A Vincentian View: Reconciliation and Renewal

by | Jan 31, 2024 | Formation, Reflections | 1 comment

When I celebrate the sacrament of reconciliation with people, my emphasis does not solely embrace God’s forgiveness of our sins of the past, but promotes God’s grace to live a better future. That second focus is important.  It moves the energy of the sacrament from yesterday into tomorrow.  That truth emerged for me again as I recently celebrated the Foundation Day of the Congregation of the Mission—January 25th.  This day, as we know, is the Feast of the Conversion of St. Paul.  Accenting the importance of the event, we hear it recounted three times in the Acts of the Apostle.  The first rendering is in Acts 9:3-6:

On Paul’s journey, as he was nearing Damascus, a light from the sky suddenly flashed around him.  He fell to the ground and heard a voice saying to him, “Saul, Saul, why are you persecuting me?”  He said, “Who are you, sir?” The reply came, “I am Jesus, whom you are persecuting.  Now get up and go into the city and you will be told what you must do.”

Vincent tells us that it was on this Feast day in 1617 that he preached the first sermon of the Mission:

“In the month of January 1617, on the twenty-fifth, the feast of the Conversion of St. Paul, that lady [Madame de Gondi] asked me to preach a sermon in the church of Folleville to urge the people to make a general confession, which I did, pointing out to them its importance and usefulness.  Then I taught them how to make it properly . . .” (CCD 11, pp. 3-4)

However, Vincent does not tell us more about the specific content of that sermon other than it was a great success.  Have you ever wondered what he preached?  I imagine that he spoke about the conversion of St. Paul that took place after the apostle recognized the sinfulness of his past life.  He hits the ground as a sinner and persecutor, and he rises as the great preacher and missionary of the Church.  The encounter with the risen Lord changes his life.  It confronts him with his own weakness and wrongdoing.  The resurrected Lord tells Paul clearly that he, the Lord, has suffered from Paul’s actions against the Christian community.  Now, Paul needs to recognize that reality and change his ways.  And, he does.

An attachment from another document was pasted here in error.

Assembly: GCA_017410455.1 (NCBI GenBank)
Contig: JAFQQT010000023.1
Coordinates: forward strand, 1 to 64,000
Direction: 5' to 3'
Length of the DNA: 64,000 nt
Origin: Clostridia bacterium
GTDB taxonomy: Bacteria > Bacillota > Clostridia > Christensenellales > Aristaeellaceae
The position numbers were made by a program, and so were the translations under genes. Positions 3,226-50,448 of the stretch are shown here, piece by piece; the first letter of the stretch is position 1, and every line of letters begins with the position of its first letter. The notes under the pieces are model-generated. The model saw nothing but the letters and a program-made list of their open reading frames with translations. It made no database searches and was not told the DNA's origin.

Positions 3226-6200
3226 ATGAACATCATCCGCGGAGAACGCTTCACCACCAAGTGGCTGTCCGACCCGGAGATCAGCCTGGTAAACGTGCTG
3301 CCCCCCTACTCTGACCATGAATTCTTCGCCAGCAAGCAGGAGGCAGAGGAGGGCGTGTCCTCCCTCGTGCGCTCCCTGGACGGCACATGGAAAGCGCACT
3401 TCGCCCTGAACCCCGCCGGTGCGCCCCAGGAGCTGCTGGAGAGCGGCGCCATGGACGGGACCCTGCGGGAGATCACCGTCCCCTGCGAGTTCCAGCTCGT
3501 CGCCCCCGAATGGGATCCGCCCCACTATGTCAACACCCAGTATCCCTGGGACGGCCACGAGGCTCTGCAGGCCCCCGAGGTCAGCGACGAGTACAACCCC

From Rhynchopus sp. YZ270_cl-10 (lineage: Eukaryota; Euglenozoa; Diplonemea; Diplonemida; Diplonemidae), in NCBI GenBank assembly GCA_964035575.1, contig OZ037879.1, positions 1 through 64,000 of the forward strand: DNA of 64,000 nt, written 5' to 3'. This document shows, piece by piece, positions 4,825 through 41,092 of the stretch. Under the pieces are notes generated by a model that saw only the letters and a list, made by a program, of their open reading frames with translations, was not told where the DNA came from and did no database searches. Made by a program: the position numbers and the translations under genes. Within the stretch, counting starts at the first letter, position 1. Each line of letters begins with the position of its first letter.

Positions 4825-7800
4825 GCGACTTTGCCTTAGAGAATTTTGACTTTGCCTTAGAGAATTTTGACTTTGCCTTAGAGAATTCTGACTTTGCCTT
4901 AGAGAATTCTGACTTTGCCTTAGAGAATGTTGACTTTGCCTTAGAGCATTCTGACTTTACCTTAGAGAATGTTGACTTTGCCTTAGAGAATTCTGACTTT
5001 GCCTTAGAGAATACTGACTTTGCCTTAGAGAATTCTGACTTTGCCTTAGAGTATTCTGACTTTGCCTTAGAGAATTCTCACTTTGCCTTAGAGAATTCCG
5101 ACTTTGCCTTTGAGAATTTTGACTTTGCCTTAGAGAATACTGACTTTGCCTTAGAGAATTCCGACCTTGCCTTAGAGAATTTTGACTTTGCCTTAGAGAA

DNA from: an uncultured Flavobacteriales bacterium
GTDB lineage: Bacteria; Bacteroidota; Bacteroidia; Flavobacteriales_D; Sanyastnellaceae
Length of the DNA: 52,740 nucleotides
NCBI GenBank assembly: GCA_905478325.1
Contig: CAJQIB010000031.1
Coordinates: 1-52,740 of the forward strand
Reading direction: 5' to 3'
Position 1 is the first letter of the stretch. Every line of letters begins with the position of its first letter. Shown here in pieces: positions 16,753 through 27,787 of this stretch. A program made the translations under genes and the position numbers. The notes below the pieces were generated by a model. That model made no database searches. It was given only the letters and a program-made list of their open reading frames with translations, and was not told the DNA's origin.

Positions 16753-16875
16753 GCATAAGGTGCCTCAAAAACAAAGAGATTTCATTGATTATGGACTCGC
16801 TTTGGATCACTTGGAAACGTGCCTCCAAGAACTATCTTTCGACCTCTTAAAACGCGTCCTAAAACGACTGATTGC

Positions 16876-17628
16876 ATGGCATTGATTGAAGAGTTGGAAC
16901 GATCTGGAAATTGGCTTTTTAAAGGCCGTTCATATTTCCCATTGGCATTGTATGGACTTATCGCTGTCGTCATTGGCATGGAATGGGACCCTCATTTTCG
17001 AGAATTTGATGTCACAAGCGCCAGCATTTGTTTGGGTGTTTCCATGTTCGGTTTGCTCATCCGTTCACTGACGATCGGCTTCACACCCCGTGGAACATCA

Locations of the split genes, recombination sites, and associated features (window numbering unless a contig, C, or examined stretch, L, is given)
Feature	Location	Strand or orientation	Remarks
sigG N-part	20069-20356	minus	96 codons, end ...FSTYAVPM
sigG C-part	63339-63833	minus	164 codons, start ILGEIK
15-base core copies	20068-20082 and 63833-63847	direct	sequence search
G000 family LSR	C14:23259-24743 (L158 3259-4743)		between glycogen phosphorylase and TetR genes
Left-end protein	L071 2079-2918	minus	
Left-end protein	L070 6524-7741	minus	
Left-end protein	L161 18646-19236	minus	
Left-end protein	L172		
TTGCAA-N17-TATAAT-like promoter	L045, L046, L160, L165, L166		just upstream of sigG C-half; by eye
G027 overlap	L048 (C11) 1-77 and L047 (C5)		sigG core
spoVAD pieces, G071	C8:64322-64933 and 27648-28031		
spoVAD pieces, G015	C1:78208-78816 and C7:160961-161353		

I wonder if Vincent used Paul’s experience as a driving reason for inviting participation in the sacrament of reconciliation.  It changes our lives!  More than the avoidance of being mired in the past, it sponsors a bright and life-filled future. Vincent’s experience with this sacrament involving the serf of Gannes and the community at Folleville deepens his reverence for the journey that reconciliation initiates.  It becomes an essential part of the Mission.  Vincentian also invited his non-clerical followers to promote this value of penance as they ministered to the sick.  He said that they can say things like:

“‘Eh bien, brother! How do you think you’re going to make the journey to the next world?’  Then to another, ‘Eh bien, my child!  Don’t you want to be united with God?  Don’t you want to make a good general confession so as to prepare yourself to die well?  Don’t you want to go and see our Lord?’  In this way, always say something to them that will raise their hearts to God.” (Vincent de Paul,  85.  “Service of the Sick and Care of One’s Own Health.” November 11, 1657.  CCD 10, p. 268)

Perhaps not too subtle, but we get the point.  Vincent believed in this sacrament.  He trusted in its  transformative power.  And he wanted to offer it to all whom he served.

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